Just Eat shareholders should hold out for a better offer
News of a proposed merger between fast food delivery group Just Eat (JE.) and Dutch based competitor Takeaway.com saw the former’s shares trade at a 9% premium to the 731p offer price. This implies the market is confident of a counter bid from someone else.
The merger proposal shouldn’t come as a surprise because activist investor Cat Rock Capital, which has stakes in both businesses, cited a ‘clear rationale’ for the merger in an open letter to management on 11 February.
A lot of investors have shorted Just Eat’s shares, meaning they would profit from a decline in the share price. Closing the short positions will put extra upward pressure on the shares. Roughly 50m shares or 7.34% of the stock are held short, up from 4% since the start of the year, according to shorttracker.com.
Secondly, the deal may flush out a higher, competing offer for the company. Originally a pure-play high margin takeaway platform, focusing on restaurants that do their own delivery, Just Eat has struggled to execute on its plans to build its own delivery system.
Cat Rock was critical of the board’s appointment of previous chief executive Peter Plumb, who it claimed to lack online food delivery experience.
South African group Naspers has been investing in food delivery and has a 22.5% stake in German company Delivery Hero, while Uber and Deliveroo have entered the UK food delivery market, putting pressure on Just Eats’ market position.
Analysts at Liberum believe the regulator might allow an Amazon/Just Eat tie-up in preference to current plans for Amazon to invest in Deliveroo.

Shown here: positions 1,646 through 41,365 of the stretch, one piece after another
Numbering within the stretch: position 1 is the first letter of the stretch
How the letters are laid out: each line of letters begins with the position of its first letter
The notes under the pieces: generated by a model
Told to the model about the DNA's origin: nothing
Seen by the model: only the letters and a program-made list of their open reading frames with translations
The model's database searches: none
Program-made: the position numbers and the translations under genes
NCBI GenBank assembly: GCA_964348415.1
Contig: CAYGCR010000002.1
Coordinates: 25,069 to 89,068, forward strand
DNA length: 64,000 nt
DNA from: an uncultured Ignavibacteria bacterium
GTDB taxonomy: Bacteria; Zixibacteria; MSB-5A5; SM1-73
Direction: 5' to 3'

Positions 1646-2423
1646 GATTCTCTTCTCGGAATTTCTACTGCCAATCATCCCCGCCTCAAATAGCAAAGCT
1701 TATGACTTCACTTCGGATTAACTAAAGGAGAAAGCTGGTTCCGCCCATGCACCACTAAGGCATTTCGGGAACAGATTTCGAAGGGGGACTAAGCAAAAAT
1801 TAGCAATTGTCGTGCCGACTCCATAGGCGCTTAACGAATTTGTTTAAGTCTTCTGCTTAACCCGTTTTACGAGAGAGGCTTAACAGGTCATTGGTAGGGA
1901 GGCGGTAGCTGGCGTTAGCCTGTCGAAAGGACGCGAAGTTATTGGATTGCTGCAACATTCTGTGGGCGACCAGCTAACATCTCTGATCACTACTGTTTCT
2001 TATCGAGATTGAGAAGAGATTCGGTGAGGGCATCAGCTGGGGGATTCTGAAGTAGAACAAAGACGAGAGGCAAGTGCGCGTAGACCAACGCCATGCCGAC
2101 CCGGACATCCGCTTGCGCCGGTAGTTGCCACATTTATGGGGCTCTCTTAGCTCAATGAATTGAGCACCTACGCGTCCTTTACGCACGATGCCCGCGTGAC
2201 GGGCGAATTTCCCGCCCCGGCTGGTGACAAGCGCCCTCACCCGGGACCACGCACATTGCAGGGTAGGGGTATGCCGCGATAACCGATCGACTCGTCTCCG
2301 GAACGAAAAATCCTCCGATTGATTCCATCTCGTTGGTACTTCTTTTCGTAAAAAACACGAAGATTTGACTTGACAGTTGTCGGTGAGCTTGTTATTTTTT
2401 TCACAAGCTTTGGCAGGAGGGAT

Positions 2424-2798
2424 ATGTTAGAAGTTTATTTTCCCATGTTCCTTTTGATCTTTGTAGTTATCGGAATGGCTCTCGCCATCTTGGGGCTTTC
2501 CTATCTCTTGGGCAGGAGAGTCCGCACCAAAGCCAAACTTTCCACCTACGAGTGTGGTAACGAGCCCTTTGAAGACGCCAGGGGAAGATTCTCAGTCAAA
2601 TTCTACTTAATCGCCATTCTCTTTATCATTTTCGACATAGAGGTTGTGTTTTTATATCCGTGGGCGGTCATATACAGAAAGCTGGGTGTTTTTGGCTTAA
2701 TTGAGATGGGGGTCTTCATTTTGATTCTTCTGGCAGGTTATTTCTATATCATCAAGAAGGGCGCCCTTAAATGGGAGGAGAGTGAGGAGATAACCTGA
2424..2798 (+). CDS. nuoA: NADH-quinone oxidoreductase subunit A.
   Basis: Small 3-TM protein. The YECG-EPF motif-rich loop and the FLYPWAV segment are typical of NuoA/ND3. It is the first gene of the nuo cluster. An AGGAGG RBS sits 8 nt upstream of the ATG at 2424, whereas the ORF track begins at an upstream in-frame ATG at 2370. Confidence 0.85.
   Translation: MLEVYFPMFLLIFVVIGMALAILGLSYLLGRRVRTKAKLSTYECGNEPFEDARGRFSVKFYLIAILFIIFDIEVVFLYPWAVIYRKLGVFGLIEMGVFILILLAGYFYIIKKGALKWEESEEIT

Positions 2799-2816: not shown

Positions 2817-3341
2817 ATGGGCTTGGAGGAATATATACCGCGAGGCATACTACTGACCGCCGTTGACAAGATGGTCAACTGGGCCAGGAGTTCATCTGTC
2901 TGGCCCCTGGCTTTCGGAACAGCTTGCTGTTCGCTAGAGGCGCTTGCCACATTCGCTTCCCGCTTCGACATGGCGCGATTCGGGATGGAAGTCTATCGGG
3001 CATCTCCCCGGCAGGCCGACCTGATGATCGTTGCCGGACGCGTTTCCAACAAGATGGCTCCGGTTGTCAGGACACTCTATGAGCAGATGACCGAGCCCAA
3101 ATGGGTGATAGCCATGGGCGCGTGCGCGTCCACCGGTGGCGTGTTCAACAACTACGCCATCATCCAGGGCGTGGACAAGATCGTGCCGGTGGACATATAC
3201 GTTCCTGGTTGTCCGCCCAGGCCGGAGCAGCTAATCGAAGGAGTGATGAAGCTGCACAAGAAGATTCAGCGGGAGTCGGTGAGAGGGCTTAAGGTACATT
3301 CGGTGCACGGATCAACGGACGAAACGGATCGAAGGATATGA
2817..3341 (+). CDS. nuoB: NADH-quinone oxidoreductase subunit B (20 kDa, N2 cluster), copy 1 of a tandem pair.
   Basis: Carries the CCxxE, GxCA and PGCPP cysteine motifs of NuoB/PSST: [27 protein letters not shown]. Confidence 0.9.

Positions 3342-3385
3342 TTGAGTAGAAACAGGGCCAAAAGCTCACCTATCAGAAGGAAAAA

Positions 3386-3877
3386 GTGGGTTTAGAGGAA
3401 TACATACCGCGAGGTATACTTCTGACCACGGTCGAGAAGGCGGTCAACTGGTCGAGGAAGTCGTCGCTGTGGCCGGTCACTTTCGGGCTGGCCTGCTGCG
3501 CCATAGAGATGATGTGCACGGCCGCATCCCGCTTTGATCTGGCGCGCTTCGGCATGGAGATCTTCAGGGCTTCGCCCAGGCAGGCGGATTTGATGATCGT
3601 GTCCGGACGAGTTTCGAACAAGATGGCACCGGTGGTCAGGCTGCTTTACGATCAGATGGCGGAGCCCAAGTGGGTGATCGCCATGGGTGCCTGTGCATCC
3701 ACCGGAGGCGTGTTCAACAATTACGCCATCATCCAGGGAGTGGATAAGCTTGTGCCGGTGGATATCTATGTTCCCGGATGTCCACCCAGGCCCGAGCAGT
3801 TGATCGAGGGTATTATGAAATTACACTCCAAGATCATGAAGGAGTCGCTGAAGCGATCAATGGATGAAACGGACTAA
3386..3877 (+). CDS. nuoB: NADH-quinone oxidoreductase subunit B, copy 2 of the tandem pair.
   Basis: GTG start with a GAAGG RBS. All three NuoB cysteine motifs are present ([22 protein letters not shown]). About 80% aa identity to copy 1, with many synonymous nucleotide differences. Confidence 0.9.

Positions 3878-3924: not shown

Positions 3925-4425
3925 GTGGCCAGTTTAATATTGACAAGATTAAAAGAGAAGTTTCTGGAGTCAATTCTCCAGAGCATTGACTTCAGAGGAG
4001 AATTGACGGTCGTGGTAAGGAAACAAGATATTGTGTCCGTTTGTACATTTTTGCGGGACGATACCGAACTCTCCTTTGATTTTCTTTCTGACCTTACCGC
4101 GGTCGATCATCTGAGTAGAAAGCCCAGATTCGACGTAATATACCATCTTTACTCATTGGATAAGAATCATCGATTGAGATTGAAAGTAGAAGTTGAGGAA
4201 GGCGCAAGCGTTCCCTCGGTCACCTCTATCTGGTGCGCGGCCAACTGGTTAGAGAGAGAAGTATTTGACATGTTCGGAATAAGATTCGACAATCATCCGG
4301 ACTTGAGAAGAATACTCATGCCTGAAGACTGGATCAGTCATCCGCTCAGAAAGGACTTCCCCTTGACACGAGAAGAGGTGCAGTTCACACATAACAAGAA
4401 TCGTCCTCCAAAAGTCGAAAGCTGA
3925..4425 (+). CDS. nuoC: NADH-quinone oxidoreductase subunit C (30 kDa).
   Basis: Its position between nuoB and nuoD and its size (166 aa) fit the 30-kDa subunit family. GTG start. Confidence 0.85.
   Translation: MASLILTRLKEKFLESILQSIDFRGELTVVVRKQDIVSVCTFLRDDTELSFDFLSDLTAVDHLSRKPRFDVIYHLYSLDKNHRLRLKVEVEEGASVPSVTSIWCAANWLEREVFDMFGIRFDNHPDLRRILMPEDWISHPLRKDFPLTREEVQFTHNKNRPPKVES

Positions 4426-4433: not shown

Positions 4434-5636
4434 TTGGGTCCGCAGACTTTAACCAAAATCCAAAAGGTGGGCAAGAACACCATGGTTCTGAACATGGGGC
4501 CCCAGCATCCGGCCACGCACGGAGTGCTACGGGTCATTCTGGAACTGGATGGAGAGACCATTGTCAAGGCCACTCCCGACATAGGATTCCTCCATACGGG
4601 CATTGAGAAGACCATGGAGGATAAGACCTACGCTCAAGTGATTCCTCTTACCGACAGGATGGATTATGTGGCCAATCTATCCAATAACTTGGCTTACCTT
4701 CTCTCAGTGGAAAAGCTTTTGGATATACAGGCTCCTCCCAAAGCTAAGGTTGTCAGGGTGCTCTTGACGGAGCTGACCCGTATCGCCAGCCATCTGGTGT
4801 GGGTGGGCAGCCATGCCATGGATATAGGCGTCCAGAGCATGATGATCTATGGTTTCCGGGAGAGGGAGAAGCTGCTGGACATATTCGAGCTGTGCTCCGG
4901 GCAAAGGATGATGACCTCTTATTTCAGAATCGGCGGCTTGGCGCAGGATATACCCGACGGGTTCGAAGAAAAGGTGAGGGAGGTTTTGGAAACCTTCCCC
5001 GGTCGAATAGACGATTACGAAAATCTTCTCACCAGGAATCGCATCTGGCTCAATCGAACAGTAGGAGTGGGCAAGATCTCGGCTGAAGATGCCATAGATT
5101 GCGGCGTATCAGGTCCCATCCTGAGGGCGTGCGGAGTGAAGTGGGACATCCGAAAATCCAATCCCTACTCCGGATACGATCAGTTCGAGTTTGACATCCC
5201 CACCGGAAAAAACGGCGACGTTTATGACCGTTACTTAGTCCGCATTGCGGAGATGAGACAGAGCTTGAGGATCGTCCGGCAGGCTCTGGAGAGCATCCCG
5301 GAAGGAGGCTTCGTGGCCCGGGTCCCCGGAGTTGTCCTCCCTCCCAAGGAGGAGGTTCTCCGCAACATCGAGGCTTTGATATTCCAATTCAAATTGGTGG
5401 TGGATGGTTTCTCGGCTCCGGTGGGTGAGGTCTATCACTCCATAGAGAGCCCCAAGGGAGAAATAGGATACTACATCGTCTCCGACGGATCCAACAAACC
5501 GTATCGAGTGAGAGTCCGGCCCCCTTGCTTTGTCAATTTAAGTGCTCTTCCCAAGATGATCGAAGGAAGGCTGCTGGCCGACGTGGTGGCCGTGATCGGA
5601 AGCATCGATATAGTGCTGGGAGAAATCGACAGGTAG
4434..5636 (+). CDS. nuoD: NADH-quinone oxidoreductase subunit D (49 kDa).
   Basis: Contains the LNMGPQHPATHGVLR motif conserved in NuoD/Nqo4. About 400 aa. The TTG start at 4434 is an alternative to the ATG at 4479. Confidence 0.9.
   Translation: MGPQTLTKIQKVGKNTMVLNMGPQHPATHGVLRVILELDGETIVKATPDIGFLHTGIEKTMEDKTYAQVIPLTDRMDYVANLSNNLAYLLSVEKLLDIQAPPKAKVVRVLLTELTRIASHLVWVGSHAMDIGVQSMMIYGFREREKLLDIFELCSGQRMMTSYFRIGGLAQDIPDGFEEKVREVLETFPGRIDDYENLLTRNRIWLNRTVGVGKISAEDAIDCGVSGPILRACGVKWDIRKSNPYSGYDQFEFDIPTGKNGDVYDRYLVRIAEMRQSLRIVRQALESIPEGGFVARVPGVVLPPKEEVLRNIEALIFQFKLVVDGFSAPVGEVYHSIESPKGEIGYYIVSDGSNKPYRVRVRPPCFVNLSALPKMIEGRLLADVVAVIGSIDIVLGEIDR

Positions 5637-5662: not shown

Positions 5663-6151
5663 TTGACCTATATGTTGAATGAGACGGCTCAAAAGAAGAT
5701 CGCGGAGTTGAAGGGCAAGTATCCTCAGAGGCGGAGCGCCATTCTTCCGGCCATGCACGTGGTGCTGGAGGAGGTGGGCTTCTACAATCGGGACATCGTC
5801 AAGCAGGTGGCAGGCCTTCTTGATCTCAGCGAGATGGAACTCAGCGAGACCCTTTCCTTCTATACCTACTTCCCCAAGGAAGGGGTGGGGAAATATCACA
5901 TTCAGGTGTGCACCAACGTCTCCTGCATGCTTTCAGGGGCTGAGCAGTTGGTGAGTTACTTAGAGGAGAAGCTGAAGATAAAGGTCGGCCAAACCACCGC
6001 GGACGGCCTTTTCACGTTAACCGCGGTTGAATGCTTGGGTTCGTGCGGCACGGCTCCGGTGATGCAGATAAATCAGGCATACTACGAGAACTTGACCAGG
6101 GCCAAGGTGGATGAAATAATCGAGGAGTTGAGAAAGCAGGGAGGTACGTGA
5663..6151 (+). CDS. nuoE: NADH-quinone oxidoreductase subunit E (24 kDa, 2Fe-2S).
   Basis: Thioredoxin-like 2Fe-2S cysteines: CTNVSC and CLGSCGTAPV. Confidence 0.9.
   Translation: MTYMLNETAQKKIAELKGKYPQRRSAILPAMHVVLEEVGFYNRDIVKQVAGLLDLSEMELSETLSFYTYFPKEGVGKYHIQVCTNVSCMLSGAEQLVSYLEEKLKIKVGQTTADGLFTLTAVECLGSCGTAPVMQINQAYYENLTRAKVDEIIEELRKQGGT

The third reason is related to the current deal’s metrics. Following completion, Just Eat shareholders will own 52.2% and Takeaway.com 47.8% of the combined share capital.
Just Eat has a business which is three times larger than its acquirer and made £82.7m of profit last year while Takeaway.com is still loss-making.
However the combined company will be run by Takeaway.com management, and will be incorporated, headquartered and domiciled in Amsterdam, albeit with a listing on the London Stock Exchange.
The implied enterprise value-to-sales at five-times is roughly half the multiple that Takeaway.com paid for the German business of Delivery Hero last year.
This may prompt Just Eat’s shareholders to reject the offer, on the basis that it materially undervalues the company, and encourage management to negotiate a fairer price.
Takeaway.com will have to make a formal offer before 24 August. If it goes ahead, Just Eat shareholders will receive 0.09744 Takeaway.com shares in return for each Just Eat share.
We suggest shareholders sit tight in anticipation of a better offer from Takeaway.com or the outside chance of a counter-offer.